The New Year’s conflict: motivation v. disappointment
Every New Year I experience great conflict within myself: I feel utterly motivated to become the person I want to be and completely dejected about not having become the person I wanted to be last year. I tend to think in black and white, all or nothing, and it sets me up for nothing but disappointment. It’s hard for me to see the accomplishments I made in the last year because they add up to so much less than the entirety of my hopes and dreams. Incremental goal setting and objective measurement of those hopes and dreams are foreign to me, although I see how positively they work for others.
A third option: Incremental accomplishment
This year I think I’d like to try my own version of incremental goal setting, something that seems like a good fit for me, i.e. something that’s easy to implement.
I always have many things that I’m trying to work on, so I don’t love the over-simplistic version of habit-making that states you can only focus on one thing at a time and you have to work on it daily for 6 weeks to 3 months before you have formed a habit around it. Only then can you move on to the next thing. I certainly see the logic in this, but I’m much too impatient to work in that way. One of my downfalls is my shortsightedness. I can’t even see into the next six months much less the next 5 years. The thought that I could only tackle four small things a year makes me want to throw in the towel right now.
Doing it my way
So I’ve come up with my own version of getting (some) things done that I’ve been putting off or at the very least been inconsistent about. My problem tends to be inconsistency fueled by loss of motivation and exacerbated by days that vary greatly. When lots of your time is your own there is lots of room for being unproductive. So here it is:
Jen’s New Year recipe for forward momentum
pick 3 things you want to work on
these could be anything from doing some work you’ve been putting off to reading fiction
every day set aside 30 minutes just for this
every day. no exceptions. no matter how tired or how jam-packed your day is (okay, if you’re sick you can make an exception)
break your 30 minutes into 10 minute increments and do each of your 3 picks for only 10 minutes
time yourself and don’t go over even if you want to. if you are motivated to do more after your 30 minute session has ended then feel free to do so. the point is to make this truly do-able. if you are overwhelmed with the original commitment or its possibilities then you won’t do it at all.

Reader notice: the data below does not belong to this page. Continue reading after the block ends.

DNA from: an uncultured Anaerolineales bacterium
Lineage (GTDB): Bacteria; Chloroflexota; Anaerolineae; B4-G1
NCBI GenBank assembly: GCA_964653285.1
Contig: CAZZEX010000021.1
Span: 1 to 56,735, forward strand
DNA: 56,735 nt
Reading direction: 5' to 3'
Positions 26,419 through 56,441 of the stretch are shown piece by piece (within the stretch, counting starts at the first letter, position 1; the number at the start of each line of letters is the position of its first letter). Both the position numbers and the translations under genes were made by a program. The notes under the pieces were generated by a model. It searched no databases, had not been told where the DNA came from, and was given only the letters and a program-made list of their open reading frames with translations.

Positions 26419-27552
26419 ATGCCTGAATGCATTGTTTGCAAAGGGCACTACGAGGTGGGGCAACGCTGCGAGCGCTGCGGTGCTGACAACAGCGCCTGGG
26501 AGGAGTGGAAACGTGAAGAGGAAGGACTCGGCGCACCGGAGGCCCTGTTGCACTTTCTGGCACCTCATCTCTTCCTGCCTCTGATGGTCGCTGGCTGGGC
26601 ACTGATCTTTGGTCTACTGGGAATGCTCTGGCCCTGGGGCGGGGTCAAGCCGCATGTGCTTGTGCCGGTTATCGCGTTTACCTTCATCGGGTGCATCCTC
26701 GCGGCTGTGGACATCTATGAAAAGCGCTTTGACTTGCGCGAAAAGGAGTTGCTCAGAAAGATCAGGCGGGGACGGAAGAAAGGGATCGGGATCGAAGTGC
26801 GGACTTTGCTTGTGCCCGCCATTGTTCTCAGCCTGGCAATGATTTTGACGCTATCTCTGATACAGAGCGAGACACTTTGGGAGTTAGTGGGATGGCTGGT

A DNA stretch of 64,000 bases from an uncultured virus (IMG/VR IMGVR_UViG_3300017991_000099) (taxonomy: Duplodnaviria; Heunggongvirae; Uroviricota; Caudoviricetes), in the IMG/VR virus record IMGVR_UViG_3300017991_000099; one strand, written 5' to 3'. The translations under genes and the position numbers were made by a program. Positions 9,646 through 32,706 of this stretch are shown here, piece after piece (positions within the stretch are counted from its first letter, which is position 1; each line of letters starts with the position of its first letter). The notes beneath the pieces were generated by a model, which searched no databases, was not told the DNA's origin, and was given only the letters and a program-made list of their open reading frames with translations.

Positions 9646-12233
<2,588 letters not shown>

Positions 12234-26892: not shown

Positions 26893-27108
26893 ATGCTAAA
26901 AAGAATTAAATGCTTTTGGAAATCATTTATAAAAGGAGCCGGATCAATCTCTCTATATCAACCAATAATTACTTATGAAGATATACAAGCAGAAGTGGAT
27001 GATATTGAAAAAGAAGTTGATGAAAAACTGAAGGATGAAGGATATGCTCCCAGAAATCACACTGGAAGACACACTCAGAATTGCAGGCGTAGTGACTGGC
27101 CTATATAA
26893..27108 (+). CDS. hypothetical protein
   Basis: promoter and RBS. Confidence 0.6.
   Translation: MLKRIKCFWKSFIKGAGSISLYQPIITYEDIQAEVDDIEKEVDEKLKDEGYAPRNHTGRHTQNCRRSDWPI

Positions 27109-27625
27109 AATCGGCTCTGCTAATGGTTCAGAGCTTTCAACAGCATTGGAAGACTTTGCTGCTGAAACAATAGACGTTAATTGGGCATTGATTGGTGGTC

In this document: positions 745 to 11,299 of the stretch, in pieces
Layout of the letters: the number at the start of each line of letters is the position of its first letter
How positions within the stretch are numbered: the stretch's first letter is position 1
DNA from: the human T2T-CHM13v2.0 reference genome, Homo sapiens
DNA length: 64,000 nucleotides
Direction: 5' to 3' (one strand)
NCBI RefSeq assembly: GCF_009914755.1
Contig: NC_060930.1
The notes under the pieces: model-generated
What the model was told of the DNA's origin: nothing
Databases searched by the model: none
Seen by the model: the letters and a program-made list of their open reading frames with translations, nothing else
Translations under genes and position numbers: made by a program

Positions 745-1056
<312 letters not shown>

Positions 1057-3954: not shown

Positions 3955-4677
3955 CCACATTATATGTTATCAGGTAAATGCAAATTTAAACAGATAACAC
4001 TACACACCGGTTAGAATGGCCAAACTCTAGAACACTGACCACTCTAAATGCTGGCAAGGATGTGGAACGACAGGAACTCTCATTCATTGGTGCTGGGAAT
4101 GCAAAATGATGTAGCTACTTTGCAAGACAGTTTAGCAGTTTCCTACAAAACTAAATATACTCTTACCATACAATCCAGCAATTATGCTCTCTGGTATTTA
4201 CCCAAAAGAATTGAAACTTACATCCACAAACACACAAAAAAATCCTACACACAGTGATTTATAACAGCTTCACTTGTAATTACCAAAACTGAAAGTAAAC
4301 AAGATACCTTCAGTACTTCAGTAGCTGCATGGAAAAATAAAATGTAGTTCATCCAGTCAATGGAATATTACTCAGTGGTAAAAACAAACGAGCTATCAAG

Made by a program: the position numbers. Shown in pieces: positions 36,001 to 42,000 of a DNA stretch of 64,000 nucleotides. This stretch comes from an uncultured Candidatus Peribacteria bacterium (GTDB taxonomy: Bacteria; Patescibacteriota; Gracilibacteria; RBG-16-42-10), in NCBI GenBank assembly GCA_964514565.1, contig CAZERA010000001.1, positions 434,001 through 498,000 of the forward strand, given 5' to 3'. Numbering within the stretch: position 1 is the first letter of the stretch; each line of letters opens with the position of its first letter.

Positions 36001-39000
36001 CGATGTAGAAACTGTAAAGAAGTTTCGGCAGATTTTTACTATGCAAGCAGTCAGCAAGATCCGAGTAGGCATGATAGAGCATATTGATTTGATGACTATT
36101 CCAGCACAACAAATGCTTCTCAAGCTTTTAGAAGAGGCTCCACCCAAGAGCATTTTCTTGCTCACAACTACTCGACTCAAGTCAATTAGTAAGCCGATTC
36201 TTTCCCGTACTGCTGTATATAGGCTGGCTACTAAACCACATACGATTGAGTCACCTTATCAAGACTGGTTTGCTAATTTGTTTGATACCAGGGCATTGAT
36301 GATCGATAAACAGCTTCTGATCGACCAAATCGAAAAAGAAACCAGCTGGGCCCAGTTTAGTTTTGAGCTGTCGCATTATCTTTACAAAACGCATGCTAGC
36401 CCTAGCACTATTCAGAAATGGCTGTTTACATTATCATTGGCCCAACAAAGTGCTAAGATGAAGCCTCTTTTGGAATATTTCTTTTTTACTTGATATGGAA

do this 30 minute ritual until you feel like you can’t go a single day without it, then pick 3 more and start over
this way you’ve gotten hooked on doing those first three things and are ready to get hooked on more
The power of momentum
We forget just how powerful a slight nudge in the right direction can be to create forward momentum. 10 minutes a day of any one thing is 70 minutes a week, is roughly 315 minutes a month, is 3650 minutes a year. Now that adds up to something!
The Sakyong Mipham Rinpoche, holder of the Shambhala lineage of Buddhism says that it is much more effective to meditate for 10 minutes a day, consistently, than it is to meditate for an entire hour only once a week.
In employing this incremental method you are building a muscle that will retain its memory long after you have stopped working it. The effects that accrue over time add up to much more than what you would gain from erratic, but longer practice. This really is true for anything.
Make it personal
My personal plan for this year is to:
- start my 30 minutes with 10 minutes of yoga: 3 – 4 sun salutations and 1 – 2 deep stretches in whatever area of my body needs it most
- follow with 10 minutes of shamatha meditation (just following the breath)
- end with 10 minutes of work that I’ve been putting off (writing, research, marketing, organizing, whatever)
Each of these 3 things will benefit me deeply in their own right and help me to create a sense of accomplishment daily.
The order of my sequence has benefit as well, for yoga postures help to settle the body making sitting meditation more fruitful (and comfortable) and sitting meditation helps to calm and focus my mind so that I may accomplish more in my 10 minutes of work. Ending my sequence with my work allows me to continue working if I have the time or pack it in and do something else (like sleep).
I look forward to feeling the positive effects of this incremental forward momentum and keeping up the motivation to accomplish whatever mind desires in this New Year. And I hope you do as well.
published in the Elephant Journal: http://www.elephantjournal.com/2011/01/new-year-new-attitude–jen-murphy-2/